• The House by the Lake: One House, Five Families, and a Hundred Years of German History by Thomas Harding
  • Moscow, December 25, 1991: The Last Day of the Soviet Union by Conor O'Clery
  • Red Notice: A Story of High Finance, Murder, and One Man's Fight for Justice by Bill Browder
  • The Death of Stalin, a graphic novel by Fabien Nury and Thierry Robin--and the movie it inspired with Michael Palin, Steve Buscemi, and Jason Isaacs.
  • A Gentleman in Moscow by Amor Towles--Soon to be a television series starring Kenneth Branagh!

Monday, April 2, 2018

April Not Fiction Book Discussions

Secondhand Time: The Last of the Soviets by Svetlana Alexievich offers readers an intimate look through the genre of oral history at the collapse of Soviet-era communism and the rise of Vladimir Putin and state-run capitalism.

In her Nobel lecture in 2015, Alexievich said,
I do not stand alone at this podium . . . There are voices around me, hundreds of voices. They have always been with me, since childhood. . . . Flaubert called himself a human pen; I would say that I am a human ear. When I walk down the street and catch words, phrases, and exclamations, I always think--how many novels disappear without a trace! Disappear into darkness. We haven't been able to capture the conversational side of human life for literature. We don't appreciate it, we aren't surprised or delighted by it. But it fascinates me, and has made me its captive. I love how humans talk . . . I love the lone human voice. It is my greatest love and passion.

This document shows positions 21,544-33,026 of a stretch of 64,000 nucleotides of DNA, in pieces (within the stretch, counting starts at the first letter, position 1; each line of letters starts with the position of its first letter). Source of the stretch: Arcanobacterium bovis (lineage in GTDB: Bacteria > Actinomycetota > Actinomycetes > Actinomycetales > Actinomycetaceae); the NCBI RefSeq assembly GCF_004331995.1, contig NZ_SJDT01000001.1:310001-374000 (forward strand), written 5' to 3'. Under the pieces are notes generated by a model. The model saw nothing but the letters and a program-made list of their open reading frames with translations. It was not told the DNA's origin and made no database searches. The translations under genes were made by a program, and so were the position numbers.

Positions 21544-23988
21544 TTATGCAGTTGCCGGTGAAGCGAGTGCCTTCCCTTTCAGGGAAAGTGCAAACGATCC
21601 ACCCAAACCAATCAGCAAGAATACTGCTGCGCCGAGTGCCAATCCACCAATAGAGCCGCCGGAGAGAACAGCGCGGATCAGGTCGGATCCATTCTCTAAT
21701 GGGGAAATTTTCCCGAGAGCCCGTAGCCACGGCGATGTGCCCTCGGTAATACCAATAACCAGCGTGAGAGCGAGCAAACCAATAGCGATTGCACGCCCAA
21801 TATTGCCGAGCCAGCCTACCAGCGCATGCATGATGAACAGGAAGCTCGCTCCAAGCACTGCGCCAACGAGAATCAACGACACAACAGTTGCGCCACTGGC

Secondhand Time is an orchestrated chorus of voices from 1991-2001, from the dissolution of the Soviet Union to Vladimir Putin's election to President of the Russian Federation, and from 2002-2012, the years of Putin's consolidation of power. They range from young to old, staunch supporters of Soviet socialism to advocates of capitalism, majority ethnic Russians to the multitude of minority ethnic groups comprising the many states of the Russian Federation. Writing for The New York Times, Dwight Garner noted, "You can open this document anywhere; it's a kind of enormous radio."

Alexievich's intention is that the larger contours of history and the essence or truth of this history will emerge from this chorus of voices. In her Nobel lecture she explained,